- Matt Armstrong, "MountainRunner", has informed us that Facebook has just now launched in Arabic and Hebrew. Which is cute for the whole Arab-Israeli conflict, because now they can poke each other and invite one another to play that stupid Vampire game until their hearts are content. It also opens up vast public diplomacy opportunities in an attempt to communicate and socially network with the Israelis and the Arab World. Bonus: I don't have to wait till Monday to get my IDF girl fix.
- When the wars in Iraq and Afghanistan are over, there's going to be plenty of time for reflection within the services. Two articles in the last two days have highlighted the defects in organizational culture within the services. One of them highlights the revolution in military thinking that led to the rise of German military professionalism, which created one of the most exceptional fighting forces in history, and a method that has been copied and emulated by the US. This article in Small Wars Journal, written by Louis A. DiMarco, discusses the officer promotion and management system that many have railed upon previously (in particular two junior officers who talk about the Pentathlete model of leadership). DiMarco is particularly interested in the creation of general staffs, a corps of specialized experts who provide key advice and planning information for generals. Generals, he notes, should in turn be focused on the key aspects of national strategy and not getting "in the weeds", so to speak, with staff functions. He quotes General George Casey:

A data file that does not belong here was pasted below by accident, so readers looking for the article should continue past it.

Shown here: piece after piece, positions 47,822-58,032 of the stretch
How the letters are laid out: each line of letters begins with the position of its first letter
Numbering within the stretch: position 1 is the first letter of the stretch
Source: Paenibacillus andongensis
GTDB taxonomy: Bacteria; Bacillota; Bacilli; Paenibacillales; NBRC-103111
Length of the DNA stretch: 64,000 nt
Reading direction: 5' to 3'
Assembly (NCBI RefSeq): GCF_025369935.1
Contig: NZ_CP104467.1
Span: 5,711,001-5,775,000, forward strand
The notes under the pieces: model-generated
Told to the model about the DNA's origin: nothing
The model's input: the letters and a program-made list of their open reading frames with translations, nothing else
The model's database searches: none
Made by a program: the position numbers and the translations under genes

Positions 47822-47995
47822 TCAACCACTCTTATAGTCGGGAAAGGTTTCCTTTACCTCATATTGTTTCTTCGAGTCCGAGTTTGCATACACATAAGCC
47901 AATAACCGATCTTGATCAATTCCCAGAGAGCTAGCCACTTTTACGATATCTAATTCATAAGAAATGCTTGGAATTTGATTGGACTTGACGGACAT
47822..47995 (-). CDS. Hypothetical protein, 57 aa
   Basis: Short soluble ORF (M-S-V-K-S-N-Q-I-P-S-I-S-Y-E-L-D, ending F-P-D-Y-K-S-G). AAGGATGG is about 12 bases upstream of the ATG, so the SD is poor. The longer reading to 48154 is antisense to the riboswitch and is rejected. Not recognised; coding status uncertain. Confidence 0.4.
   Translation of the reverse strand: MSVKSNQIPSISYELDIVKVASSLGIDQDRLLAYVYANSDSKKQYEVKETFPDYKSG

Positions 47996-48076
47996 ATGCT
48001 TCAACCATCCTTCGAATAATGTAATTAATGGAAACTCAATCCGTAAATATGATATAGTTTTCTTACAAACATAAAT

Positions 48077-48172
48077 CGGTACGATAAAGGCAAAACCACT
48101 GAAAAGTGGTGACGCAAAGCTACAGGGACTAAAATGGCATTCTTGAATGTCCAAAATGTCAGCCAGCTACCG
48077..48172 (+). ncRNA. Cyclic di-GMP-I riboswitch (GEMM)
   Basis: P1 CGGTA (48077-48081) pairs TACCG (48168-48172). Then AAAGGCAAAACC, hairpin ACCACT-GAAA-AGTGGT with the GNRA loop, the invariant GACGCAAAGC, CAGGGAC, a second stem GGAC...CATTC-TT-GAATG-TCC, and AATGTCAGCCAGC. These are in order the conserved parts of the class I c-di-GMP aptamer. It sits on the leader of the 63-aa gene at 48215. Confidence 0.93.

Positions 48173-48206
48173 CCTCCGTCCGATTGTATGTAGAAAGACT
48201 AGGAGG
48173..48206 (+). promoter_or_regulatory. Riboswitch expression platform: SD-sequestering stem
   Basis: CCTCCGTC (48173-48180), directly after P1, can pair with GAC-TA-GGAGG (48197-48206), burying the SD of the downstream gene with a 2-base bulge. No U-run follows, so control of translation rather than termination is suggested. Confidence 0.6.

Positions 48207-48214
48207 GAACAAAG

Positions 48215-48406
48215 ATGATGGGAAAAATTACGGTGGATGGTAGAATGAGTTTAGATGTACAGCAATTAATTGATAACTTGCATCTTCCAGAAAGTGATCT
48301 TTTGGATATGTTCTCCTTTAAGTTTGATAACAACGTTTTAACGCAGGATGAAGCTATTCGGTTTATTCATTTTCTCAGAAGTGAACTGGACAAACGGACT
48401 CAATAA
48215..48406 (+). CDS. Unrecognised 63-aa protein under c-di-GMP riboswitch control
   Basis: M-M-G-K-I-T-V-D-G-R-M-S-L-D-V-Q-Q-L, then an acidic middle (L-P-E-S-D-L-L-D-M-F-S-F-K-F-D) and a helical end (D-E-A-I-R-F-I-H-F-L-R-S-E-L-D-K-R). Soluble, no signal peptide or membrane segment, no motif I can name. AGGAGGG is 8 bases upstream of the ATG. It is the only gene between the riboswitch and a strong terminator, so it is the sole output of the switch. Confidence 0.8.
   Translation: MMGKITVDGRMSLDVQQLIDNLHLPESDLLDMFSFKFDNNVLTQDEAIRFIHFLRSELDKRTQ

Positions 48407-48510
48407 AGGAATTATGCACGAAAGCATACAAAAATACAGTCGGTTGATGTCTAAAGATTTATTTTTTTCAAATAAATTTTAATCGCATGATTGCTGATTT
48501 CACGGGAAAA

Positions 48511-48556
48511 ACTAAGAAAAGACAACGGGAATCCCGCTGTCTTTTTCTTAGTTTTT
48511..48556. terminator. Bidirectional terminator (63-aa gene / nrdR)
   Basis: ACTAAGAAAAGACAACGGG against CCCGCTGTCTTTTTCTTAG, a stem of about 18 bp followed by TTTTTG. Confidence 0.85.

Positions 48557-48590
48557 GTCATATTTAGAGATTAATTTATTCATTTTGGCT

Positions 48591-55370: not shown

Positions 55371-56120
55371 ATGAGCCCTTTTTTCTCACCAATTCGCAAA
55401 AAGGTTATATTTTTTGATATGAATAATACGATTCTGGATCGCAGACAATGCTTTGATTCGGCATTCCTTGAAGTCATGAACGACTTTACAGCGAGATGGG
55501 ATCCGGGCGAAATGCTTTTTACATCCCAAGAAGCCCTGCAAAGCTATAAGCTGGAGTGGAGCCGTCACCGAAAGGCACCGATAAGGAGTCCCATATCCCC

Even Chief of Staff of the Army, General George Casey allowed that “we don’t do as good a job as we need to training our senior leaders to operate at the national level.”
- DOD Buzz posted some excerpts of a scathing speech given by Anthony Cordesman of the Center for Strategic and International Studies to the National Defense University regarding the future of the military and its shortcomings. It's notable that he compares the Rumsfeld era with the late MacNamera era, particularly when considering both secretaries of defense were doing poorly at applying overpowering technical solutions to primitive insurgencies.
- David Kilcullen talks about the difficulties with battling the Taliban insurgency in Afghanistan, which he describes as the most difficult of the foes that the US currently faces. One of the points he brings up is that one needs to create job opportunities and outlets for young males, which is probably one of the best things one can do to combat insurgency. In societies where a large portion of the population is young and male, there's a much more fierce competition to become an "alpha male". In developed societies, there are plenty of pathways for a young male to become an alpha male: through business, sports, achievement, etc. When opportunities to excel in productive fields are lacking, males will feel the need to achieve and excel in crime and insurgency, particularly if there is a cult of machismo where men feel fierce pressure to compete (for example, the one that exists in Latin America or in the Middle East).